Oakville-Watertown honors Conn. sailor killed at sea

Ngoc Truong Huynh


WATERTOWN, Conn. (WTNH) — It was a community wide show of gratitude, respect and patriotism.

The Watertown-Oakville Veterans’ Council held a public memorial ceremony to honor the 7 American sailors killed last month when the USS Fitzgerald and a container ship collided off the coast of Japan.

One of those American sailors killed was a product of the Oakville/Watertown, Connecticut community — Ngoc Troung Huynh.

Around town, they called him “Tan”.

A group of speakers stepped up to the mic to praise Tan at the Oakville Green.

“You gave your life for us,” one speaker said. “You will not be forgotten here.”

Tan grew up in Watertown. He graduated from Watertown High School and attended Naugatuck Valley Community College before realizing his dream of serving America.

“I thank you Tan for living out your dream,” another speaker said. “And the pride that your success brought us here.”

People here remember him as a quiet kid. On this occasion, they used another word to describe him.

“He’s a hero,” said Artie Atwood.

A crowd gathered to honor Tan, but not everyone was from town. Some traveled to be there because they, too, served in the Navy and felt a connection.

“I was also stationed in Japan for just under three years,” said Tommy DeMatteis. “I was 25 years old at the time (the same age Tan was when he died) — a lot of common occurrences between him and I. Him from the small town. So, when we found out he was from town, we wanted to honor him and thank him.”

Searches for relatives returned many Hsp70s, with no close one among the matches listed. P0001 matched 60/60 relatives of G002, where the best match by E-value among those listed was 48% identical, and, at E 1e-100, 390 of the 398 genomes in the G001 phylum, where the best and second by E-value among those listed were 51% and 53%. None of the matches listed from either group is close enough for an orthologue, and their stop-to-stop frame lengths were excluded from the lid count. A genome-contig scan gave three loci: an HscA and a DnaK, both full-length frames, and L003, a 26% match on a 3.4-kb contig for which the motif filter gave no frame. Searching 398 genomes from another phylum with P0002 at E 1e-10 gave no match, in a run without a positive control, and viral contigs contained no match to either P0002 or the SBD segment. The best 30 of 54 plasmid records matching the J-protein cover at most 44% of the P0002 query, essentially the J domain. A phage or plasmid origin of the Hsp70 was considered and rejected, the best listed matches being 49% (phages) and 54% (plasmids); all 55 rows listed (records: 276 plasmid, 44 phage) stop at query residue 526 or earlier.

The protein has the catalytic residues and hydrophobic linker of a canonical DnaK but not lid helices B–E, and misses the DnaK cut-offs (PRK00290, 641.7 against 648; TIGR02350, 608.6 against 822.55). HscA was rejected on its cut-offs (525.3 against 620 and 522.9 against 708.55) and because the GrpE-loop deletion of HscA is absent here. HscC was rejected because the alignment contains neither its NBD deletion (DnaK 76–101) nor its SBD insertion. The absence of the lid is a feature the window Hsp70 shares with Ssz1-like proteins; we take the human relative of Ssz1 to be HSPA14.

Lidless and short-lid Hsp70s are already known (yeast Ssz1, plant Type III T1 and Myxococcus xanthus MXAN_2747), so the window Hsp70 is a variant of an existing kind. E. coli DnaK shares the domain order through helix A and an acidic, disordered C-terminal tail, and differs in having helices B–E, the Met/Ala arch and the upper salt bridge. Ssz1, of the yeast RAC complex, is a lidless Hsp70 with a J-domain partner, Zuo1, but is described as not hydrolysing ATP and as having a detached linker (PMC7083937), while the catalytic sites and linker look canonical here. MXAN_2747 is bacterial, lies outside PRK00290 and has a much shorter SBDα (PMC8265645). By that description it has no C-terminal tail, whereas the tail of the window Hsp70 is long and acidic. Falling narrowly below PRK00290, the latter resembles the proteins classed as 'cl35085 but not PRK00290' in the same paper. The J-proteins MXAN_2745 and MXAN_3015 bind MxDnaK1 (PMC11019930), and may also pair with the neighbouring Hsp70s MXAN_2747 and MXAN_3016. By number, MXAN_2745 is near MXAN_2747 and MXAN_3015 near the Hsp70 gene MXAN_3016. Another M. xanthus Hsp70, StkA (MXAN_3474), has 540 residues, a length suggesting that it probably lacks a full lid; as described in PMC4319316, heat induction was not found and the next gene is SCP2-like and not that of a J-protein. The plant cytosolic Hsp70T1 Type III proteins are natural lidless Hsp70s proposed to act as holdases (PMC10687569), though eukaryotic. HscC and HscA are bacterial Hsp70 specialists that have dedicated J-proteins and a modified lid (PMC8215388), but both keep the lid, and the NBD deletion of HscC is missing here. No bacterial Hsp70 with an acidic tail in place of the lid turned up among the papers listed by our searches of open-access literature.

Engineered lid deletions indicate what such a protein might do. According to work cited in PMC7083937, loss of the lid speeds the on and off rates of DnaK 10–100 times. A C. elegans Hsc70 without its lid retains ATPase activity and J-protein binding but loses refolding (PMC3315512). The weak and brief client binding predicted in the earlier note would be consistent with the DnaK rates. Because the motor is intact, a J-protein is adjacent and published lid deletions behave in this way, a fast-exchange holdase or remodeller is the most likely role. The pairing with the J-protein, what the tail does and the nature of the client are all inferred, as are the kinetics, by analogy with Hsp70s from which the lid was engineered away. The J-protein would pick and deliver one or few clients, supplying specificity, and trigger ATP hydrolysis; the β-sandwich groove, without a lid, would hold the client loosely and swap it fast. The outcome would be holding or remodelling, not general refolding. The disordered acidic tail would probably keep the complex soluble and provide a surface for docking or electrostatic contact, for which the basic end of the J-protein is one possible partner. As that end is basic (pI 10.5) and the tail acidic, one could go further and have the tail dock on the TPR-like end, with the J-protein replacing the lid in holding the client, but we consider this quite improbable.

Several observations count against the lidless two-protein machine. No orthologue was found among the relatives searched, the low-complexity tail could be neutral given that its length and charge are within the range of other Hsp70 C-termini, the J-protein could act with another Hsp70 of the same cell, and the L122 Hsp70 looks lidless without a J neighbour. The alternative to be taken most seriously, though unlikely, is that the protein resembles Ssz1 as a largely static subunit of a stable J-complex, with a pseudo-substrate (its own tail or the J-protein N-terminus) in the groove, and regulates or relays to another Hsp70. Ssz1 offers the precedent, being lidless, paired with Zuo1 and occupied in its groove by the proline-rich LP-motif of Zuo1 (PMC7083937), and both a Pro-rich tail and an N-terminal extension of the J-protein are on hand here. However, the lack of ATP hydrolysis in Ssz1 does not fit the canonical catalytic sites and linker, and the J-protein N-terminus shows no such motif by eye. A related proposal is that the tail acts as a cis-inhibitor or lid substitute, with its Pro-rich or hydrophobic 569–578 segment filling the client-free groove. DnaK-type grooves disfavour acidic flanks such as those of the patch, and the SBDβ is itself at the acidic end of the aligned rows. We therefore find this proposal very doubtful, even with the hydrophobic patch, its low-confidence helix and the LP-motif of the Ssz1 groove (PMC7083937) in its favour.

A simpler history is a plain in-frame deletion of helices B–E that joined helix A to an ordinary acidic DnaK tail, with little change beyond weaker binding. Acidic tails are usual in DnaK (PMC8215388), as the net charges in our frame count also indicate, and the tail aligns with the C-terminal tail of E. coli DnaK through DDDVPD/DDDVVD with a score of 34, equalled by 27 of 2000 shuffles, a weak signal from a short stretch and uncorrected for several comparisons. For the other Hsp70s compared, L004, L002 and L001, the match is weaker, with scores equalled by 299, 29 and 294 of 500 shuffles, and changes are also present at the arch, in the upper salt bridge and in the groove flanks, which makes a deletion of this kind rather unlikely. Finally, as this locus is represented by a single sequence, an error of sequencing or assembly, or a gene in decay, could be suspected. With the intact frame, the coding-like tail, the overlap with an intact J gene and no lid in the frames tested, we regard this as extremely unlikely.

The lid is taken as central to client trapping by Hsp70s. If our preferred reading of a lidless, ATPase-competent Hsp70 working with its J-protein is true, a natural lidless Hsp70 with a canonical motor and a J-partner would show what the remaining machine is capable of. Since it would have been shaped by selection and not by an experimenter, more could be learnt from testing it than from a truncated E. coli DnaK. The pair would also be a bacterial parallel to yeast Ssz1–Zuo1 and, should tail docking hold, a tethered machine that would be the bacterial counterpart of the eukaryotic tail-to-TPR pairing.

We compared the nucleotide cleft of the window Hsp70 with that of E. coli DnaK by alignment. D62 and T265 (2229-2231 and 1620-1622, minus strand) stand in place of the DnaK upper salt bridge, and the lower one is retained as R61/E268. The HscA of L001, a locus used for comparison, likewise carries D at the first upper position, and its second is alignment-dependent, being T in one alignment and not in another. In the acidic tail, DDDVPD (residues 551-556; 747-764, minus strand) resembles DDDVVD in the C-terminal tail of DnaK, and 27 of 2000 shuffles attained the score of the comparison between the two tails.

Dignitaries came to honor him, too —  like Connecticut Senator Richard Blumenthal. He saluted the community for saluting Tan.

“Watertown and this area are really the epicenter of respect for veterans,” said Senator Blumenthal. “Every veterans cause, every single veteran is respected in this town and I am here to say thank you.”

A representative from Japan was there to honor Tan, too.

“On behalf of the people of Japan, the government of Japan, I would like to extend sincere condolences,” the representative said.

Tan’s family moved to Oklahoma. They held a funeral for him out there at the same time their old community was honoring Tan in Oakville. People here hope his family is comforted by the love and show of respect on display in Connecticut.

Ngoc T. Truong Huynh — “Tan” — was a sonar technician 3rd class in the United States Navy. He was 25 years old.

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